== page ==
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RF ablation takes on lung lesions

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Already established in the liver and kidneys, radio-frequency ablation has shown early promise as a treatment for unresectable lung tumors. One of the first studies on the technique, presented by Korean researchers in May at the American Roentgen Ray Society meeting, found high mortality from the procedure but few complications among patients who responded well. In 19 patients with unresectable lung cancer ranging from stage Ib to IV, eight patients remained alive at six months of follow-up. The research team achieved complete ablation in 30% of patients, using internally cooled RF needles delivering 150 watts for 20 to 40 minutes.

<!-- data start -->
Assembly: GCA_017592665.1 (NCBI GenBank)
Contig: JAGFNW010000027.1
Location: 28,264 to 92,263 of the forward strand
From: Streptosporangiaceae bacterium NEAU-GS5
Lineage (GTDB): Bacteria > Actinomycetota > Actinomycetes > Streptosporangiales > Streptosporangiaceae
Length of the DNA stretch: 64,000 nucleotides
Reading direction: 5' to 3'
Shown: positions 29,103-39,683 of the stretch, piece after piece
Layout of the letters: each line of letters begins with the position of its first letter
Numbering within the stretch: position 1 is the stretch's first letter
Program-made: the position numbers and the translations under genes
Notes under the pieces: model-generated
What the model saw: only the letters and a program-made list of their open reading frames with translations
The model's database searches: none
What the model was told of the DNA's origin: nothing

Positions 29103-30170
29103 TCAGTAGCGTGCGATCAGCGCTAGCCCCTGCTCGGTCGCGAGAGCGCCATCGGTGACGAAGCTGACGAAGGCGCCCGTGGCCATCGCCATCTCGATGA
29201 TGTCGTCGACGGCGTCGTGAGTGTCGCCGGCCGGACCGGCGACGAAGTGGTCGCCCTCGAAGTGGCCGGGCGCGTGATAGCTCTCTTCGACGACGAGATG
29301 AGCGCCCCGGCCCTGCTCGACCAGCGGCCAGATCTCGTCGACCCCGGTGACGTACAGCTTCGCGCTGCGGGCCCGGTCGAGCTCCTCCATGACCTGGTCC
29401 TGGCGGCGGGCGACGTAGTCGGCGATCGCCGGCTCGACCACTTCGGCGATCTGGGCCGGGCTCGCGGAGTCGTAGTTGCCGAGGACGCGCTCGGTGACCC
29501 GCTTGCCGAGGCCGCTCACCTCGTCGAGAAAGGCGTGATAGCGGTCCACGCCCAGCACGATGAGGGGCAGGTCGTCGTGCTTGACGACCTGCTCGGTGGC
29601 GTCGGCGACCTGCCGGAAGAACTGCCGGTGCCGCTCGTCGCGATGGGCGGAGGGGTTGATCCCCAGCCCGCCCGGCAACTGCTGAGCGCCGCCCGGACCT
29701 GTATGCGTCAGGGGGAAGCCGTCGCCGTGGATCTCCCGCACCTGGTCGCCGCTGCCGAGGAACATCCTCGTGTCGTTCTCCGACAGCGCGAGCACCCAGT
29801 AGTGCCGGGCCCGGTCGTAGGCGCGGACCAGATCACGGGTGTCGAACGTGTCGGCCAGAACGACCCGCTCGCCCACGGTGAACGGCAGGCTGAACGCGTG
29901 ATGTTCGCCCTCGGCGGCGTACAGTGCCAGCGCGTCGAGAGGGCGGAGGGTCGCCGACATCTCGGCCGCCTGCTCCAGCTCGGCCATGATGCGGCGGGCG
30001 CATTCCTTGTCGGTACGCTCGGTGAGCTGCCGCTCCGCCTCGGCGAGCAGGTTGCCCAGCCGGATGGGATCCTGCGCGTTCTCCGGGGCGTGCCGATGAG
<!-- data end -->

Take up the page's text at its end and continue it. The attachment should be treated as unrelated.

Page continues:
Already established in the liver and kidneys, radio-frequency ablation has shown early promise as a treatment for unresectable lung tumors. One of the first studies on the technique, presented by Korean researchers in May at the American Roentgen Ray Society meeting, found high mortality from the procedure but few complications among patients who responded well. In 19 patients with unresectable lung cancer ranging from stage Ib to IV, eight patients remained alive at six months of follow-up. The research team achieved complete ablation in 30% of patients, using internally cooled RF needles delivering 150 watts for 20 to 40 minutes.

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